'Godzilla' Sahara Dust Cloud Update: Second Wave Set to Reach Gulf Coast

A second wave of Saharan dust is set to reach the U.S. Gulf Coast on Tuesday, causing a repeat of the conditions seen across large parts of the country over the past week.

The "godzilla" dust plume that arrived in the United States after affecting much of the Caribbean brought hazy skies, reduced air quality and vivid sunrises and sunsets to many areas.

In fact, some sections of the plume—which was described as the "most significant" in 50 years by Pablo Méndez Lázaro, an environmental health specialist at the University of Puerto Rico—are still lingering over some limited areas of the U.S., including Minnesota and southern portions of Florida, satellite imagery shows.

According to the latest forecast models, the next wave of dust—currently located in the Caribbean—is set to arrive in the Gulf Coast on Tuesday and will linger over southeastern Texas, Louisiana and southern Mississippi until Thursday or Friday before beginning to dissipate over the course of the weekend.

Satellite images show that there is currently dust hovering in the atmosphere all the way across the tropical Atlantic, from the coast of west Africa to the Caribbean.

The latest wave of dust could lower air quality to potentially risky levels, as it did last week, The Weather Channel reported.

Over the weekend some parts of the country, including Wake County in North Carolina, recorded "unhealthy" air quality, according to Environmental Protection Agency data, meaning that even healthy people can experience adverse health effects from it.

Saharan dust, San Juan, Puerto Rico
A woman rides her bike in front of El Morro Fort as a vast cloud of Sahara dust is blanketing the city of San Juan, Puerto Rico on June 22, 2020. RICARDO ARDUENGO/AFP via Getty Images

Many more areas experienced air quality that was "unhealthy for sensitive groups," which includes people with respiratory issues, seniors and young children.

For those with respiratory conditions such as asthma or certain allergies, the dust can exacerbate symptoms. And if concentrations are high enough, even healthy people may experience nose, throat and eye irritation, as well as coughing.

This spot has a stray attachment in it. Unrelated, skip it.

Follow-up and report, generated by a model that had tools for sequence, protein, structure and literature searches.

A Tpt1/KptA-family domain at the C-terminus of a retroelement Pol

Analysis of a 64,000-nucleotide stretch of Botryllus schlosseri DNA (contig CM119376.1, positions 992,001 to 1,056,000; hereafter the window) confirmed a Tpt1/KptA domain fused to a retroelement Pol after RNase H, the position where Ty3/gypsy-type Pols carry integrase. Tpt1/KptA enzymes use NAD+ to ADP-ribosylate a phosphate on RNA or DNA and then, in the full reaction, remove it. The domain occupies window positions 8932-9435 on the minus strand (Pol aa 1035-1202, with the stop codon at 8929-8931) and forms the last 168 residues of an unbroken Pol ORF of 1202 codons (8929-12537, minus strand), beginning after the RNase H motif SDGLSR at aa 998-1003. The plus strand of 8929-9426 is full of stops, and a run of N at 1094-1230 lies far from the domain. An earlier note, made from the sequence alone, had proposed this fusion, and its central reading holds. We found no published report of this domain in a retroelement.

Dust from the Sahara regularly makes its way over the tropical Atlantic into the Caribbean and Gulf of Mexico region every year. The phenomenon is the result of tiny particles of sand and minerals in the Sahara being lifted into a hot, dry air mass that forms in the atmosphere above the desert from late spring to early fall.

Powerful trade winds blow this air mass—known as the Saharan Air Layer—westward over the ocean every three to five days between late June and mid-August, often transporting vast quantities of dust, according to the National Oceanic and Atmospheric Administration.

While this phenomenon occurs regularly every year, the plume that affected the Caribbean and the Gulf last week was "an extremely unusual event," Joseph Prospero, an atmospheric scientist at the University of Miami, told Scientific American, due to its thickness.

Recent studies looking at the links between climate change and the transport have produced mixed results, so it is currently not clear whether the recent unusual plume is a "meteorological anomaly," or if such events could become more common as the world warms, Prospero said.

Nevertheless, one study published in the journal JGR: Atmospheres indicated that periods of drought in North Africa, which may occur more frequently in future, could be linked to more intense dust plumes.

"It is curious that this particular phenomenon occurs when the highest temperatures have been recorded in the northwest of Africa. It is very possible that climate change and global warming affect and increase the amount of dust that is transported throughout the planet," Prospero told Explica.